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Good and Bad Okra Companion Plants

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Good and Bad Okra Companion Plants

Whether you’ve already planted okra in your garden or are just thinking about it, one of the most important decisions you’ll make is what other plants to plant alongside it.

It’s essential that you choose companions for okra that not only complement and support it but also help it thrive.

The trick is to figure out which nearby plants may be beneficial and which might be bad for your okra crop.

To help you make the best decision for your garden-growing needs, let’s examine some of the best and worst okra companion plants.

Good Companion Plants for Okra

As mentioned, there are certain plants that will benefit okra and others that won’t.

Let’s start by looking at the good neighbors, as these are the plants you’ll want to consider planting near okra.

  • Peppers
  • Calendula
  • Chives
  • Zinnias
  • Dill
  • Cucumbers
  • Basil
  • Radishes
  • Chervil
  • Garlic
  • Onions
  • Peas
  • Brussels sprouts
  • Cosmos
  • Spinach
  • Corn
  • Melons
  • Lettuce
  • Sunflowers
  • Cilantro
  • Tomatoes
  • Nasturtiums
  • Eggplant
  • Marigolds
  • Beans

By planting some of these good companions around your okra patch, you’ll likely have a healthier crop this year.

What NOT to Plant With Okra

It’s not just about finding the right plants to help your okra grow; you also want to avoid planting certain plants next to it.

Growing bad companions nearby can leave your okra susceptible to diseases, pest invasions, and other problems.

Here are some of the plants to avoid growing with okra:

  • Squash
  • Sweet potatoes
  • Strawberries
  • Fennel

Other than these, okra does not have many bad neighbors.

How to Grow Okra

It’s easy to plant and maintain okra in an outdoor garden or even in containers, as long as you follow some basic requirements.

When planting okra:

  1. Choose a location with full sun exposure—at least 6 hours of direct sunlight each day.
  2. Make sure the soil is fertile and well-draining. It really prefers sandy soil.
  3. Plant seeds outside in the ground or start them indoors about 4 weeks before the last frost in the spring.
  4. Space out okra plants appropriately (60 x 60 cm) for optimal growth [1].
  5. Weed regularly when plants are young, and mulch heavily when plants are mature.
  6. Water deeply but infrequently.
  7. Harvest pods regularly; if you wait too long, they can become tough and difficult to eat.
  8. Don’t forget to fertilize your soil.

Fertilizer Requirements

To make sure your okra grows strong and healthy, you’ll need to make sure it’s getting all the nutrients it needs.

Okra is not a heavy feeder, but it will benefit from adding a balanced NPK fertilizer once or twice during the growing season. So, you’ll also want to make sure you’re providing fertilizer that has phosphorus, nitrogen, and potassium [2].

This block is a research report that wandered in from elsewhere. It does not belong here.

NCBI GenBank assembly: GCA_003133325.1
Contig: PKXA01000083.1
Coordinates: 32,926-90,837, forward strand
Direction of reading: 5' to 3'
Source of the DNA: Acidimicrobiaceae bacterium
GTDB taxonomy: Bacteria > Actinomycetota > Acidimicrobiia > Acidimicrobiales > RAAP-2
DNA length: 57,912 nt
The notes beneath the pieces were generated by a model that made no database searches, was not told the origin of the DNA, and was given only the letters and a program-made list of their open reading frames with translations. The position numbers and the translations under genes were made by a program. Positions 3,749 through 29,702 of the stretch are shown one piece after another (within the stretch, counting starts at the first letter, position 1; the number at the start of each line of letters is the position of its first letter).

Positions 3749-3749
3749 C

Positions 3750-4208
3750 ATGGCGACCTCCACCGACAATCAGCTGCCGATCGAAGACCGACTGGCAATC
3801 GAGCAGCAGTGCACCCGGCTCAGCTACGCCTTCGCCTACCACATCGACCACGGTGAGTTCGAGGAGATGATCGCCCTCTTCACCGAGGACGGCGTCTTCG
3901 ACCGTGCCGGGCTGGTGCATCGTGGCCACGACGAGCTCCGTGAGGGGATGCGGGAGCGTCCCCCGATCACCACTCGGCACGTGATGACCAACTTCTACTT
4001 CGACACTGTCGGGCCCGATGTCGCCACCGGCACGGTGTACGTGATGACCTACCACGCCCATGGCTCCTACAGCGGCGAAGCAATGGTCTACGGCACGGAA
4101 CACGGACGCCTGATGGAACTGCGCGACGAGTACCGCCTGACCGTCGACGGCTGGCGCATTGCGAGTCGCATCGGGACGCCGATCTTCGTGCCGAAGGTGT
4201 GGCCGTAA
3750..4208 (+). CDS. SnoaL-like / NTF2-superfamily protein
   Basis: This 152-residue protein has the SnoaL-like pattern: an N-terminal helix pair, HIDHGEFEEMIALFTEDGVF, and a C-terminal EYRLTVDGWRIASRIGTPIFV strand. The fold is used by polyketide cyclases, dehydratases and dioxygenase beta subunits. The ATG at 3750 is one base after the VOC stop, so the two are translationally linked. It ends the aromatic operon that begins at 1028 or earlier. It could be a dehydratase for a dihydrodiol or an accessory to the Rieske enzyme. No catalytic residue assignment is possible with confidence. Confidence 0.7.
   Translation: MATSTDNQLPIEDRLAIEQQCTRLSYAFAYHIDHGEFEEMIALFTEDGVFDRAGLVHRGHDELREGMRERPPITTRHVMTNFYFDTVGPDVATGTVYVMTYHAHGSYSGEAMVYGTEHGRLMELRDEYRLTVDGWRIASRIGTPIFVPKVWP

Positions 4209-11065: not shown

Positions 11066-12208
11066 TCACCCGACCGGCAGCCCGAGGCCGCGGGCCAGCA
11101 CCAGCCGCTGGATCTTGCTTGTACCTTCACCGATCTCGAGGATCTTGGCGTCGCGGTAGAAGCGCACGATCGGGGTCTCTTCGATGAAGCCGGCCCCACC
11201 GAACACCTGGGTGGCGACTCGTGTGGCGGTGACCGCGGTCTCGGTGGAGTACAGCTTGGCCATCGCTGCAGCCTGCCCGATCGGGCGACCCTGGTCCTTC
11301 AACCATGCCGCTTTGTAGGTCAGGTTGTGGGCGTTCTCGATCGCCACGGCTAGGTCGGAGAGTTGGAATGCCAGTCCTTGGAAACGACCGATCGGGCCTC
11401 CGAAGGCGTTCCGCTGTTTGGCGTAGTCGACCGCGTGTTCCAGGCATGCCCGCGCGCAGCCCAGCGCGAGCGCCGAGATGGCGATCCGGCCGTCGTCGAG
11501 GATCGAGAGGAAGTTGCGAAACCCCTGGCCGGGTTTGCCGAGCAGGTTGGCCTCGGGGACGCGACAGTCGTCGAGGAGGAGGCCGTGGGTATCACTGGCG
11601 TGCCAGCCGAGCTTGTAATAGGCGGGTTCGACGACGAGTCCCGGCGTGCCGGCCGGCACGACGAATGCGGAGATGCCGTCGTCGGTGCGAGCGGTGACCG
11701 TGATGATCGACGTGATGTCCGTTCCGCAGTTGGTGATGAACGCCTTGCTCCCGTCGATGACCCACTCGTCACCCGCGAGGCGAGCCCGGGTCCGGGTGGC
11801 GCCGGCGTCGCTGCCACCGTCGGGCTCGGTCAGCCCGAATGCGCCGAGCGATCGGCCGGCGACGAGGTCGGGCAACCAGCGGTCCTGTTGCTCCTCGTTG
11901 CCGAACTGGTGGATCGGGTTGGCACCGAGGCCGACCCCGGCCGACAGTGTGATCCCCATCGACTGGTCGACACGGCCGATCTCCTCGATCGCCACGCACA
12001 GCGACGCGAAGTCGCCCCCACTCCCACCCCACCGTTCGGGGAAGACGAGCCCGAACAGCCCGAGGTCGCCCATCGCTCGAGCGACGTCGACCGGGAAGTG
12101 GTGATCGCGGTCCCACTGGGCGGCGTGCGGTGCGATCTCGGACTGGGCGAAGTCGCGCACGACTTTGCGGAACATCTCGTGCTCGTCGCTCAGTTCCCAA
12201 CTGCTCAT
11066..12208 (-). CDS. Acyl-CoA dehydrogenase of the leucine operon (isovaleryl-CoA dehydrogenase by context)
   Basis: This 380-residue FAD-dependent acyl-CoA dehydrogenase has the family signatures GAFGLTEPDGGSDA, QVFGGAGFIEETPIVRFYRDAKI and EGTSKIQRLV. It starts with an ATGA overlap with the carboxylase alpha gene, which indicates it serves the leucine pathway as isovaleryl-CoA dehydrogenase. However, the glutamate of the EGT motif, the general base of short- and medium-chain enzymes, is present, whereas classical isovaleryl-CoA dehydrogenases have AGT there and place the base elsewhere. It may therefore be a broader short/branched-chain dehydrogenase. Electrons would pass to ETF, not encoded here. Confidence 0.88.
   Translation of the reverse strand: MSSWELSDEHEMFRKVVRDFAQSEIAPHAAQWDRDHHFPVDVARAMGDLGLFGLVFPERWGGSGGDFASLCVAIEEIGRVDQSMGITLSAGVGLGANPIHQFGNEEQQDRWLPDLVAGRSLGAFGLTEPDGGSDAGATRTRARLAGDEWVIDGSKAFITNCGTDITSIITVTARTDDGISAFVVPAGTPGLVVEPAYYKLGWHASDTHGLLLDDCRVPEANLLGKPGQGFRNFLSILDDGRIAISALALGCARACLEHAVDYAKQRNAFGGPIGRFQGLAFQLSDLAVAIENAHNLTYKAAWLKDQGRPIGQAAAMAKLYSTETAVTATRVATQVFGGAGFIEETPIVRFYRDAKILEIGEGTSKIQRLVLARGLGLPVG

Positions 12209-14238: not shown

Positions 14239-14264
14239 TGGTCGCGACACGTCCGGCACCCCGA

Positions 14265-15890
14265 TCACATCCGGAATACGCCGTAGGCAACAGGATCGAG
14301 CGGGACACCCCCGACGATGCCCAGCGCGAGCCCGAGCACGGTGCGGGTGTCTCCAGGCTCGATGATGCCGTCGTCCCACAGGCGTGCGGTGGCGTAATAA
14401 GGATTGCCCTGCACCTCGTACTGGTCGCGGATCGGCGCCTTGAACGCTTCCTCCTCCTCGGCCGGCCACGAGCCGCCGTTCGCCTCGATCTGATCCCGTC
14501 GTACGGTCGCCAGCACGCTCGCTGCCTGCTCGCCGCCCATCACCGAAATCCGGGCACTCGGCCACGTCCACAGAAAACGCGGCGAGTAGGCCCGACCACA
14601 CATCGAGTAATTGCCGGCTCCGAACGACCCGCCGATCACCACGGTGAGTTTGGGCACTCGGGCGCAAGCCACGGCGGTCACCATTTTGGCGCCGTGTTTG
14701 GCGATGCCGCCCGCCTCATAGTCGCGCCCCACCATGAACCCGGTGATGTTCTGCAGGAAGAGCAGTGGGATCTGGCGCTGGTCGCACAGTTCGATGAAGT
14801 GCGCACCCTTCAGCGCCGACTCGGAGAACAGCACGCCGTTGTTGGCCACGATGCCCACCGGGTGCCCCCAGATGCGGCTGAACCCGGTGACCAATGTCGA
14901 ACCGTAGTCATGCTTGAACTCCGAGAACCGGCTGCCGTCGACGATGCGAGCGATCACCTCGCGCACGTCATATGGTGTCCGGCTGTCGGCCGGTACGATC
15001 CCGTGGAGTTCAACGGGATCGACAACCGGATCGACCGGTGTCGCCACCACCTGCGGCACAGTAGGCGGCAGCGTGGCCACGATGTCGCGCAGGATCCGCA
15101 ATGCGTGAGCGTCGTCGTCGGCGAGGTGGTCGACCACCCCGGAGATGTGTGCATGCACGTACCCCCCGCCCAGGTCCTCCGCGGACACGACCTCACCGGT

You should also consider adding compost or aged manure around your okra plants, as this will supply additional nutrients over time and help keep the soil moist.

Garden Pests

Another thing to keep in mind is garden pests that can affect okra. These pests can not only cause damage to the plants but also reduce yields, so it’s important to be aware of them.

Aphids, stink bugs, and whiteflies are some common garden pests that might affect okra. Do what you can to prevent, eliminate, or keep plant pests under control organically.

Plant Diseases

One common problem that can arise when growing okra is plant disease. Diseases like Fusarium wilt, powdery mildew, and root-knot nematodes can create an environment that’s not good for your crop.

It’s easy to spot these plant diseases. Look out for yellowing of the leaves as well as wilting of the foliage.

In some cases, you may even be able to see white spots on the back side of your okra leaves. If you spot any of these symptoms, take action quickly.

How to Harvest

Harvesting okra is relatively easy, but you’ll want to know a few tips before you start. Here’s how to do it:

First, pick the okra when the pods are about two days old. At this point, they will be soft and gooey when cooked.

To pick an okra pod, hold it gently and cut the stem off with a sharp object.

Also, go out every day and look at your plant and pick the ready pods that you see. The more you do this, the more fruits will emerge day by day.

Store your harvested okra well to maintain freshness, or eat it within a few days of picking.

How to Store Okra

If you want to make sure your harvested crop stays fresh for longer, it’s best to store okra in the vegetable crisper in the refrigerator. However, put them in a perforated plastic bag before placing them inside.

Okra also freezes well if stored properly; just be sure to blanch it before freezing so it stays fresher longer.

If you don’t want to refrigerate your okra, make sure to use it within two or three days for the best results.

Where to Buy Seeds

So, now that you know all that you know, it’s time to purchase some seeds. Fortunately, there are plenty of online stores that sell good-quality seeds.

Most garden shops may also have some high-quality organic seed options in stock. And if not, they may be willing to order them especially for you if you don’t want to purchase them online.

If you want to save a bit of cash, try saving your seeds after each harvest.


Carefully choose the companions you want near your okra plants for an ideal garden. By carefully selecting the best companion plants and avoiding the bad ones, you can get the most out of your okra (lady’s finger) in the garden.

Andre Campbell

Organic farmer and co-founder of Dre Campbell Farm. He appreciates everything in nature—sunshine, plants, animals, and human life.

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